The Night Angel Trilogy is a book series I’ve had for years that I re-read every so often, and I’m struck again by Brent Weeks’ genius! The first copy I had was a 3-in-1 hardcover obtained shortly after the completed works were released. I read it several times in the first year I owned it and recommended it to anyone who would listen. Then, as often happens, my copy was lent to a friend and never returned. Ah well, I finally got another copy.
Bonus! The newer version includes an author’s note and two deleted chapters. He talks about how having almost ten years to write the series before publication was actually a luxury, and the deleted chapters are his only regret. He was able to go back, add, delete, and rewrite portions of the story to make the whole of it even better.
The story begins focused on an orphan boy born in the slums wishing for a way out. Growing up under all of the worst depravity that human nature can offer, of course he wants to learn to be kick-ass so that he will never again fear others. The boy becomes an assassin’s apprentice in a world of lies, love, danger and intrigue, and goes through a variety of personal changes – some by the machinations of others, some of his own making. In the meantime, the reader is introduced to several other key characters who also go through metamorphoses of their own. Detailing a realistic growth for characters is yet another challenge for a good writer, and Weeks pulls it off from a number of different perspectives.
Detailed political intrigue crossing several cultures is conducted with finesse, including explanations of the “current” regime based on historical changes. Politics is not my forte, but I recognize its influence in almost every aspect of life. Writing it well is just one more challenge to add to my list. Most of the characters here are brought into play with such detail they are real to the reader even when sometimes their part to play is minor. As the reader, you find yourself deeply involved in the minds and lives of the characters’, occasional conflicting emotions over some of them, and feel the loss of some who die.
I’m guessing Weeks studies history, war craft, and probably sword fighting due to the extensive detail written in some scenes. The depth is such that the “big screen” would be hard-pressed to come close to capturing it, and yet enough is left to the imagination that you’re not left feeling like you’re fighting against imposed imagery. That delicate balance between enough scenic detail yet not so much to overwhelm (and bore) the reader is another potentially daunting challenge for a writer.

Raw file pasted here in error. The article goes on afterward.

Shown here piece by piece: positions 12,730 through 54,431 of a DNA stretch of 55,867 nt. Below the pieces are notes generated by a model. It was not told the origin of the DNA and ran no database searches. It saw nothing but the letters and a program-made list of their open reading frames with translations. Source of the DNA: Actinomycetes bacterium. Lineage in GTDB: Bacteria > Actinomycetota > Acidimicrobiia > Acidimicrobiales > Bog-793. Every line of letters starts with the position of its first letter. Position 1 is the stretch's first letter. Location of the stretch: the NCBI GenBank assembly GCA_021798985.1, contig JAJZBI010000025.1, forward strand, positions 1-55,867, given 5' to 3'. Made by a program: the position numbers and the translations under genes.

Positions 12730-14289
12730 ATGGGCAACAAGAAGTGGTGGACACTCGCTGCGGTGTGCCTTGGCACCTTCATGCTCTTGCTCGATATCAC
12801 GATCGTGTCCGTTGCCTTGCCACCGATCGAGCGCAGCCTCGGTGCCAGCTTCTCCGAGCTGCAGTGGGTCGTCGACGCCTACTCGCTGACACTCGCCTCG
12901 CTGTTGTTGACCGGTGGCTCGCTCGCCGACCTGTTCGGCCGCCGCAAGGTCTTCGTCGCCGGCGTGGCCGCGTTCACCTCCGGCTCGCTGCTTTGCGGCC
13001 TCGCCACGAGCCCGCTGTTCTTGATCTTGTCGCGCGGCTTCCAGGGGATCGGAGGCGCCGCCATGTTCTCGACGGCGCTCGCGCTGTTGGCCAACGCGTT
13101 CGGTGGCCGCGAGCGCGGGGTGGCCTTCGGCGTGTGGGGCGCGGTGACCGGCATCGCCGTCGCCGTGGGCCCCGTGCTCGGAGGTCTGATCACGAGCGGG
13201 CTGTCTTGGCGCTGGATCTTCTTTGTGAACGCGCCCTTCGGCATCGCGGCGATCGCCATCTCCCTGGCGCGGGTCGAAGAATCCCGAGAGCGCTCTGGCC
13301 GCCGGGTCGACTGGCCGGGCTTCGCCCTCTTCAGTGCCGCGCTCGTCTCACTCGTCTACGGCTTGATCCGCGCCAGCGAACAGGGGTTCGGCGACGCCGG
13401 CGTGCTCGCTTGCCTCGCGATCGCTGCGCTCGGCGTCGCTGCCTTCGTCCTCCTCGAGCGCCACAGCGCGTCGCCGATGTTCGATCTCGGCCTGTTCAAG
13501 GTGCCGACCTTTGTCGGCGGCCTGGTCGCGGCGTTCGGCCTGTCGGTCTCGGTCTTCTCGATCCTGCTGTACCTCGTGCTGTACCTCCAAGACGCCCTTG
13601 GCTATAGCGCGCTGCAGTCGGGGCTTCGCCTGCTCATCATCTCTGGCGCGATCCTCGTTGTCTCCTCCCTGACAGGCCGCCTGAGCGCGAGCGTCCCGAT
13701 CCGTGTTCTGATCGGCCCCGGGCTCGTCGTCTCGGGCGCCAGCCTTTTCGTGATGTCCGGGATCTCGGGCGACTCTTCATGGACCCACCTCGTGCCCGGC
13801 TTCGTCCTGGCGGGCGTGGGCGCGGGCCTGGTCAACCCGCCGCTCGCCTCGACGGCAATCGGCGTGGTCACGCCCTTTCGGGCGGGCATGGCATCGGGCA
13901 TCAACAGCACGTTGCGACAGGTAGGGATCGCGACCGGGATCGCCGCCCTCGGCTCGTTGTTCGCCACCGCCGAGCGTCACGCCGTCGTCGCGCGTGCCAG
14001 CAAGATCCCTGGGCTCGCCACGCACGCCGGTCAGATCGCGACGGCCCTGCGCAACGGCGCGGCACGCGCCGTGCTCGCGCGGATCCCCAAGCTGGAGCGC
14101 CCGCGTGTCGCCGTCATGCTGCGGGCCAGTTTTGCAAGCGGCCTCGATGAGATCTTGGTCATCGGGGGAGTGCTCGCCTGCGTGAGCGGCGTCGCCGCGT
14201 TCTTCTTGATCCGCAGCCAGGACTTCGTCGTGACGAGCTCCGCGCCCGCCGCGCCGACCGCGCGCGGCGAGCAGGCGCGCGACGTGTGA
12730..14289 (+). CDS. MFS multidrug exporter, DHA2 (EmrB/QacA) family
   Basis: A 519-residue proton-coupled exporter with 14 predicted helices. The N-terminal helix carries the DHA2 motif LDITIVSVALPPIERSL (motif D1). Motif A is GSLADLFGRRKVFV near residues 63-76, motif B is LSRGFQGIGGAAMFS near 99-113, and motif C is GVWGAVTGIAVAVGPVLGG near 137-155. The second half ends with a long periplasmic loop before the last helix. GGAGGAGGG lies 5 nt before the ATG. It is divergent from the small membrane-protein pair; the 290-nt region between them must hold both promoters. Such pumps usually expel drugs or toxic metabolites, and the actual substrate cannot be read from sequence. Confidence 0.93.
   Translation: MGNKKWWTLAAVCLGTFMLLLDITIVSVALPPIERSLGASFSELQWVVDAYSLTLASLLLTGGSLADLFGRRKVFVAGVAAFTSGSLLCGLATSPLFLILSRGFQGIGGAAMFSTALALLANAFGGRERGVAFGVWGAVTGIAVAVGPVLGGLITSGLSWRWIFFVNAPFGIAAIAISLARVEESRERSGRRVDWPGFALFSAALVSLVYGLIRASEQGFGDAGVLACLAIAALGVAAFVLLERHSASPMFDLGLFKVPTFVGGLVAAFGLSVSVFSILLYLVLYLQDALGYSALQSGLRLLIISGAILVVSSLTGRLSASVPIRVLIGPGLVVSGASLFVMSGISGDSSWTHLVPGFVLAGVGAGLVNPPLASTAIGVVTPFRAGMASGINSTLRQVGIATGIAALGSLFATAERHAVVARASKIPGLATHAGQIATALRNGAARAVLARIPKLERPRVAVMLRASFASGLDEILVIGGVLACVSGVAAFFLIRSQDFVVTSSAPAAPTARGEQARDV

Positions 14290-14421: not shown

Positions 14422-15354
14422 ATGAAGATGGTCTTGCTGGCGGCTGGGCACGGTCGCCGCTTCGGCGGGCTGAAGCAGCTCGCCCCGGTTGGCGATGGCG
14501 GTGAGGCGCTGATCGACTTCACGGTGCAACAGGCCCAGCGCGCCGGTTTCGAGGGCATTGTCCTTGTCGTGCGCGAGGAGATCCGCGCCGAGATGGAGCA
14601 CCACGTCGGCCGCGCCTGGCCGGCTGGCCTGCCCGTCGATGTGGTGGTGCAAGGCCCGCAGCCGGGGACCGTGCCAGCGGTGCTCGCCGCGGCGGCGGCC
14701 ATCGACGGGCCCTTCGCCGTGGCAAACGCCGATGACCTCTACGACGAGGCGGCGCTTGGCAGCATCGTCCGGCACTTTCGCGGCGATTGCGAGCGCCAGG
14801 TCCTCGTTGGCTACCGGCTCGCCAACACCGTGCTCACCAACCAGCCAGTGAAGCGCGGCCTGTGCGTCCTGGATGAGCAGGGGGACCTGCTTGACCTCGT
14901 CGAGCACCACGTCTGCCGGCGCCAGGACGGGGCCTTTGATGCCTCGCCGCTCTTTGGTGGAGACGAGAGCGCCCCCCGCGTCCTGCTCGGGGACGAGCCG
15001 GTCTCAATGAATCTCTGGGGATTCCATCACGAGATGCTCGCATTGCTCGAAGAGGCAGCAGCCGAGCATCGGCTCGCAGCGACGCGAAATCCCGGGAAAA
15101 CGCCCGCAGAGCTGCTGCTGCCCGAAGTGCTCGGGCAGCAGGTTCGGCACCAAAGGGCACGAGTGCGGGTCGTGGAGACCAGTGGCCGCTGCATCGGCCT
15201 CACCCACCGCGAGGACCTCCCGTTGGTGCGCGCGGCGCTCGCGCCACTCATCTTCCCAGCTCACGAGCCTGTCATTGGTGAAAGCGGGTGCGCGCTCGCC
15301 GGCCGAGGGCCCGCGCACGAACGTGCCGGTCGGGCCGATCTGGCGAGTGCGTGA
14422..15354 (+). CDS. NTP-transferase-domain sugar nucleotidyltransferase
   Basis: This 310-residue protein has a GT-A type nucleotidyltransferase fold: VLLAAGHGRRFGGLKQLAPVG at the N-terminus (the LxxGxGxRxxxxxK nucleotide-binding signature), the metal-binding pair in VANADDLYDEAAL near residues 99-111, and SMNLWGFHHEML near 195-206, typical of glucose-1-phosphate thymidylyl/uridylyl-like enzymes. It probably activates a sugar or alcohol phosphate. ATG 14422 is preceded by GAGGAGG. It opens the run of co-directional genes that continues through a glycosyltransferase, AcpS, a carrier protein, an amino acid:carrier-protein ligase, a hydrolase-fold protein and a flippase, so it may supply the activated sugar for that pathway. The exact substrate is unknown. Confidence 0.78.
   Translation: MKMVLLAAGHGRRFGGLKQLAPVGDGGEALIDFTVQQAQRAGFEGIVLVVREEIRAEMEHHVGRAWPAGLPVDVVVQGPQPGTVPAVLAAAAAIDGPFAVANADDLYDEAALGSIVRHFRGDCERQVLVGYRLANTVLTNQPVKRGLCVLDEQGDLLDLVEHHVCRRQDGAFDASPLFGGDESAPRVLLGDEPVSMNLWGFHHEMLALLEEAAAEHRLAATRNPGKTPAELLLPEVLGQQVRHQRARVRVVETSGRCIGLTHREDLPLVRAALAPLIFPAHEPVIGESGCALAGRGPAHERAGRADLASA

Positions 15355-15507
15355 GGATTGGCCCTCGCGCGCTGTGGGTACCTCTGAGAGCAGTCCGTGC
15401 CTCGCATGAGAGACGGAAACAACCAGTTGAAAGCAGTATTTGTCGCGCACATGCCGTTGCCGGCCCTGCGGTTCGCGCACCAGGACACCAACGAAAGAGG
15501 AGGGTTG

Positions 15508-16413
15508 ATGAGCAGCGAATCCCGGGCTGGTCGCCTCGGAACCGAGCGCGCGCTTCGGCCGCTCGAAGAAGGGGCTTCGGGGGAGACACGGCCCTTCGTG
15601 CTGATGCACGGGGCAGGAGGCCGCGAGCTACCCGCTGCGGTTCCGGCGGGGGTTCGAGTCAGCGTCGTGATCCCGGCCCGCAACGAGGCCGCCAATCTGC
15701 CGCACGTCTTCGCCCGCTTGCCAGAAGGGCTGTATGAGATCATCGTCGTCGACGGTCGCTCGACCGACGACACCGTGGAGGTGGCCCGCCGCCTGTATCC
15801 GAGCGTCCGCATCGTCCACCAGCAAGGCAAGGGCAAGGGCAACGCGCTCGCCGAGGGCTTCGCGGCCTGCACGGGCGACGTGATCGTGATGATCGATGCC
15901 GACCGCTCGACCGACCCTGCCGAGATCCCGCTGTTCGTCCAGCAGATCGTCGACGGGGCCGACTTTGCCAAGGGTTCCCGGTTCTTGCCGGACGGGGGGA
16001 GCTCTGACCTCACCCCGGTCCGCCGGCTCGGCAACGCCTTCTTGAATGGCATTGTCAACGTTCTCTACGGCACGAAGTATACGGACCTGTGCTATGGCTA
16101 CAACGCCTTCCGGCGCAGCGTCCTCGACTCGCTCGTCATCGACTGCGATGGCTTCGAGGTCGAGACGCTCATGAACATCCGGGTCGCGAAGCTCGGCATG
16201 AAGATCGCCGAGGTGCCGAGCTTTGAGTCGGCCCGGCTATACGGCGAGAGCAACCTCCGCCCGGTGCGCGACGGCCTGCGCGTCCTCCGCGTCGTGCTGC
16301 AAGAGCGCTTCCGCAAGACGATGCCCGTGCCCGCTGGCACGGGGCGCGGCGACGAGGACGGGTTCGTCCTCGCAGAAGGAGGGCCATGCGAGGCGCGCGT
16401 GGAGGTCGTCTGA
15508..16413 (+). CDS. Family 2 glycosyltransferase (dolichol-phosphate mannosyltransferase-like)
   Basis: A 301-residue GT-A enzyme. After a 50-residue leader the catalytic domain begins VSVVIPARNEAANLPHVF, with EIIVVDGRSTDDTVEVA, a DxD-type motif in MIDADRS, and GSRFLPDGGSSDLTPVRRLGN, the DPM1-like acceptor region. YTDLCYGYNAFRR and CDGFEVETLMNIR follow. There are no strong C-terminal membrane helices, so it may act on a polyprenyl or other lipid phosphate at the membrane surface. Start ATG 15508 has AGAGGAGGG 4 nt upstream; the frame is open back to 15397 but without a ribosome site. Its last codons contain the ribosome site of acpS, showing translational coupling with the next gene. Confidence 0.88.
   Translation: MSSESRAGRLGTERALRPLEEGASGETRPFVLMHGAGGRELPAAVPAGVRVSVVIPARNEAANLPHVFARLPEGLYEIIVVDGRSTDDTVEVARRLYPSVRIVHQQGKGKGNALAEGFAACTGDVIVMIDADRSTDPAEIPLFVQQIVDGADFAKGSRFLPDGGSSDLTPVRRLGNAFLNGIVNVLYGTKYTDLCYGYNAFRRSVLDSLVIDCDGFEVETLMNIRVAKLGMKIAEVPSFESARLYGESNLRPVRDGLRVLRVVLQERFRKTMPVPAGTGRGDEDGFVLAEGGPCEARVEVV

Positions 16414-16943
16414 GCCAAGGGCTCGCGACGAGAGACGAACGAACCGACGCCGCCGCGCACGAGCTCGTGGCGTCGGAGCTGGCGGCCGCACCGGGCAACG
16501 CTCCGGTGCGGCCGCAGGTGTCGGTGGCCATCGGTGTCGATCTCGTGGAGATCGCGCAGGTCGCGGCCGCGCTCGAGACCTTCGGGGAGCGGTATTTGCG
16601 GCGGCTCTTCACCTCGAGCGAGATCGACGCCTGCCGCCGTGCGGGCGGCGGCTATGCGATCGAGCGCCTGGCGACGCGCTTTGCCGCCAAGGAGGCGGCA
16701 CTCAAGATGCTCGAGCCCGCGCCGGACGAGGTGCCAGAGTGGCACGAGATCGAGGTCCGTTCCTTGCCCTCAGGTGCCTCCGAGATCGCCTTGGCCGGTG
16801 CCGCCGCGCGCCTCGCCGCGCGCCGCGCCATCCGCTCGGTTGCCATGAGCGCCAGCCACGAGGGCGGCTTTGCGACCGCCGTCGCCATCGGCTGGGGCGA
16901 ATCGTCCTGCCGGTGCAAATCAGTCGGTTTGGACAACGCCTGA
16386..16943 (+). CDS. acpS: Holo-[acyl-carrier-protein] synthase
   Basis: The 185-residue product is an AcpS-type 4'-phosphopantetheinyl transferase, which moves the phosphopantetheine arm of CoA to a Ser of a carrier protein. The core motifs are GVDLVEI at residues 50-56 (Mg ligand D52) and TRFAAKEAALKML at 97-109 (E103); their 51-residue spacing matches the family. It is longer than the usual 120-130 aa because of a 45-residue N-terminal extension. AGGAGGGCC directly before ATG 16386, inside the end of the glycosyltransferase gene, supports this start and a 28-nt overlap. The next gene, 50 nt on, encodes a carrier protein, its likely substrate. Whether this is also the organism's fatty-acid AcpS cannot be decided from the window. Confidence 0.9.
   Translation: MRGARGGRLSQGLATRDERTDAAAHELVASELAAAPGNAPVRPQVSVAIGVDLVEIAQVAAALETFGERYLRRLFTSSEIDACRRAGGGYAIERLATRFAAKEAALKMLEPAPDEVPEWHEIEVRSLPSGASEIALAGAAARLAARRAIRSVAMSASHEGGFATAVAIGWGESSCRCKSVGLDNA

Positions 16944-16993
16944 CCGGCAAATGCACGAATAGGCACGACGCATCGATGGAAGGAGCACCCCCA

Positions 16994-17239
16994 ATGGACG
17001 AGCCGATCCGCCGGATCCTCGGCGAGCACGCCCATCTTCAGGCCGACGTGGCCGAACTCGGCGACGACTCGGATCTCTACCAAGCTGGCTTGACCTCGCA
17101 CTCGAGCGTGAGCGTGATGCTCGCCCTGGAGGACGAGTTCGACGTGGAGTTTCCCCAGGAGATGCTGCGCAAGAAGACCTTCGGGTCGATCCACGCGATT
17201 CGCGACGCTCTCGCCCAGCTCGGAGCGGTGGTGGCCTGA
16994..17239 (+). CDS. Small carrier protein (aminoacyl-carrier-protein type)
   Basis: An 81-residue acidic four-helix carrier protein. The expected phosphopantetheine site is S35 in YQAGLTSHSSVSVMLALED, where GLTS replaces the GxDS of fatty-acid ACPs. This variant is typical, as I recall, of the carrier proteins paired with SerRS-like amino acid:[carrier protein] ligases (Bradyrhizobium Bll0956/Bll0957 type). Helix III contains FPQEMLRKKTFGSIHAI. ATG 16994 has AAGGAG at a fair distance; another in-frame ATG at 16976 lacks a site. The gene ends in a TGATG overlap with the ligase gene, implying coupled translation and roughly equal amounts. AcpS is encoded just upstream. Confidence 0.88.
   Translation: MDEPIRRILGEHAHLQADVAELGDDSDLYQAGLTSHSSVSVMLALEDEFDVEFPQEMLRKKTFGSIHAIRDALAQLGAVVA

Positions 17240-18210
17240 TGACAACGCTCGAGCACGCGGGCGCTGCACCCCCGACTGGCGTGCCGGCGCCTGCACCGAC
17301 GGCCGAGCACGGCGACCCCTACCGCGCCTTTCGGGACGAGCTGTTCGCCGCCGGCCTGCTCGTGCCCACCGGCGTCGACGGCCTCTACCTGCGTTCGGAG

We all know including religion, even in fiction, is often dangerous, controversial, and can have a negative impact on the overall story. But, Weeks even adds cultural religious controversy in this story and not in the usual, negative light. Religious beliefs are detailed just like any other aspect of a character’s disposition and just goes to further introduce the reader to who these characters really are by what they think, their connections, desire for connection, and/or lack thereof. To top it off, the different beliefs are offered with a level of respect that I suspect most people in the real world wish for their own beliefs yet rarely able to show for others. The disdain some characters have for beliefs different from their own are clearly that character’s opinion, sometimes met with equal disdain from the other characters. It’s realistic and believable.
The best of all this is the mastery with which Weeks takes the reader on this journey. At no point was I left feeling like I wanted to just strangle a character because they were being so willfully stupid until they finally grow up enough to realize how the world works. I never groaned to myself over something horribly unbelievable or cliche’. I was just swept along for the ride of an entertaining and believable story.
With an eye toward what to do and not do with my own writing, I’m simply overwhelmed by the genius of Weeks’ work. How could anything I write ever compete? Weeks includes seemingly minor details in ordinary scenes that turn out to be clues and important keys in later scenes. In fact, I remember discovering some of those things I missed during the first reading. In reading the series now, it’s hard to even believe all the incredible detail and thought that went into this story! In fact, there’s only one, small, minor thing I see as a mistake, but it’s so minor it’s really not worth detailing. Anyone less anal than I may not even catch it. Even if you do catch the mistake I did, I doubt it will take anything away from the story for you any more than it did for me.
Read it! Get lost in it! Enjoy it!
See if you don’t want to recommend this story far and wide just as I did.